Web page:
Posted: 12:00 p.m. Friday, March 22, 2013
The 2013 NCAA Tournament was not even four hours old and Pitt fans we're already being sent home with that all-too-familiar feeling of disappointment.
Another impressive BIG EAST regular season. Another lackluster performance in March. Another loss to a lower seeded team.
Following Pitt's loss to Wichita State yesterday, Brian of the SB Nation site, BC Interruption, posed the question:
Has any other team accomplished so much during the regular season only to accomplish so little in the NCAAs over the last decade? Anyone?— BC Interruption (@bcinterruption) March 21, 2013
Has there been? How can we quantify regular season success and the expectations it creates in the NCAA Tournament?
Simple. The NCAA Tournament Selection Committee has already done this by evaluating each season's body of work and assigning seeds based on it.
Disclaimer: I am not a statistics major. If you have any feedback on how I came about these numbers, please leave it in the comments section below so that I can make improvements in the future.
The simplest way to assign an "expected wins" value to a seed is by looking at the number of wins by teams assigned to that seed have had in the past. For this exercise, I used the NCAA Tournament's field of 64 teams from 2002-2012 (11 seasons) and averaged the number of wins per seed. The Opening Round games (2002-2010) and First Round games (2011-2012) were excluded. Here are the results:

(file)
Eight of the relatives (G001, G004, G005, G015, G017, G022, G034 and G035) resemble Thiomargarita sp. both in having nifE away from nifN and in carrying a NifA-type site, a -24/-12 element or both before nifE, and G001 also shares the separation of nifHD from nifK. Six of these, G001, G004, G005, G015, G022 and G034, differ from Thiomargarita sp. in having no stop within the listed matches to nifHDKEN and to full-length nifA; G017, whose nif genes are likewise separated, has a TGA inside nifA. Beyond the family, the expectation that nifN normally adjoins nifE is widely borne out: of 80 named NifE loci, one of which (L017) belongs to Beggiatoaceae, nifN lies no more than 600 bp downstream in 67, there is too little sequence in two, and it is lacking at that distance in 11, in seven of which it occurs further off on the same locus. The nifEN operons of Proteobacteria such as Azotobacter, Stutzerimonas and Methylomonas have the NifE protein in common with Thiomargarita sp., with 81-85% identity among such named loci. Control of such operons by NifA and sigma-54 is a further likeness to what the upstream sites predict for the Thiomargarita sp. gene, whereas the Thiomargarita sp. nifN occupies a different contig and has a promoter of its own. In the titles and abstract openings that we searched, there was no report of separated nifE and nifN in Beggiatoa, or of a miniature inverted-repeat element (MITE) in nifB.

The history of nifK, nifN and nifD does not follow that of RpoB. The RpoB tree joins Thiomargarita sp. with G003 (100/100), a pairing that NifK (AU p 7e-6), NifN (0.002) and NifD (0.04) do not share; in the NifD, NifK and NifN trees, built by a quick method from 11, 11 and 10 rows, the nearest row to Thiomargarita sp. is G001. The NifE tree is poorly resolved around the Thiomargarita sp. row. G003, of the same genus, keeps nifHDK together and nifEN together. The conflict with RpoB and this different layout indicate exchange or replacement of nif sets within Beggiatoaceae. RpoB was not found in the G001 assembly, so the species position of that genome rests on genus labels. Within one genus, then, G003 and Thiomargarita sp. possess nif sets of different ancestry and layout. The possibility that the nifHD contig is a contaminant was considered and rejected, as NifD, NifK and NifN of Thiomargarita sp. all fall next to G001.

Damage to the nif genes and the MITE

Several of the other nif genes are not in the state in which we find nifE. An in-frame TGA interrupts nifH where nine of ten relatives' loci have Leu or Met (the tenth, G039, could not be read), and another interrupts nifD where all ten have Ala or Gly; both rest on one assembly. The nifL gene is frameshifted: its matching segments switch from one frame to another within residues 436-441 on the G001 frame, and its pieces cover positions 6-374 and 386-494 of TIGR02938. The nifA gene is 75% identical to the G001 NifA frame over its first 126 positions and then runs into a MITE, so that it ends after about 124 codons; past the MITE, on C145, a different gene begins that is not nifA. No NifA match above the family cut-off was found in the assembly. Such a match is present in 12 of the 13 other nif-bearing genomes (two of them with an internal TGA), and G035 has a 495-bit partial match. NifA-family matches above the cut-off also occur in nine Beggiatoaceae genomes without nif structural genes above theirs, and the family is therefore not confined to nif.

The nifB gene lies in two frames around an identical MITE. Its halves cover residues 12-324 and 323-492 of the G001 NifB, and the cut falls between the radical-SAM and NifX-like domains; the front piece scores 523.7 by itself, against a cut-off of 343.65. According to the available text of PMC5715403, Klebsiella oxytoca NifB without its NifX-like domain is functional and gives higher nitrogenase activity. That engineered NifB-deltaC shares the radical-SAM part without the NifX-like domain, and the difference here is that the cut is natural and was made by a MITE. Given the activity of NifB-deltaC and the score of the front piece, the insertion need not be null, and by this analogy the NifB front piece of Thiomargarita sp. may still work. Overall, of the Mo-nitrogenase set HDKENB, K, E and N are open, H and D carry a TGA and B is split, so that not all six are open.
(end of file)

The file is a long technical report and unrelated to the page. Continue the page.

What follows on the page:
So how did Pitt fare against it's "expected wins" in the NCAA Tournament from 2002-2012? To find out, I took each of the Panthers' tournament appearances and subtracted "expected wins" from their actual wins.
Basically, during the Howland/Dixon era, Pitt failed to meet the "expected wins" mark every single time...so much so that the Panthers under-performed by nearly 6 wins over their last 10 appearances.
An "actual vs. expected wins difference" of -5.794 is a very large number. So where does that place the Panthers among the 205 NCAA Tournament participants from 2002-2012?
Yes, there is one team that came with an "actual vs. expected wins difference" of -7.726. That team is the Duke Blue Devils.
As you can see, Duke was seeded on the one or two line in nine of the 11 years. In seven of those nine years, they failed to reach the Elite Eight, averaging 1.44 wins per year. What about those other two years? Well, the Blue Devils lost to the National Champion UConn Huskies in the 2004 Final Four and won the 2010 National Championship.
Who came in at the top of the list? The Butler Bulldogs. Their 15 wins in six appearances is nearly ten wins above their "expected wins" value of 5.136. Yes, 2010 and 2011 raised their "actual vs. expected wins difference" considerably, but the Bulldogs actually exceeded their "expected wins" in five of those six appearances.
Rounding out the Top Ten are Michigan State, UConn, UCLA, Kentucky, Xavier, North Carolina, Florida, West Virginia, and Indiana (respectively)...all of which had an "actual vs. expected wins difference" of greater than four. You can download the entire list in an Excel spreadsheet here.
Yes, the Duke Blue Devils did have the largest negative "actual vs. expected wins difference" . However, the phrase Brian used in his original question was "accomplish so little". Since Duke accomplished the ultimate goal of a National Championship in 2010 and came close in 2004, Pitt will nod to move to the bottom of this list.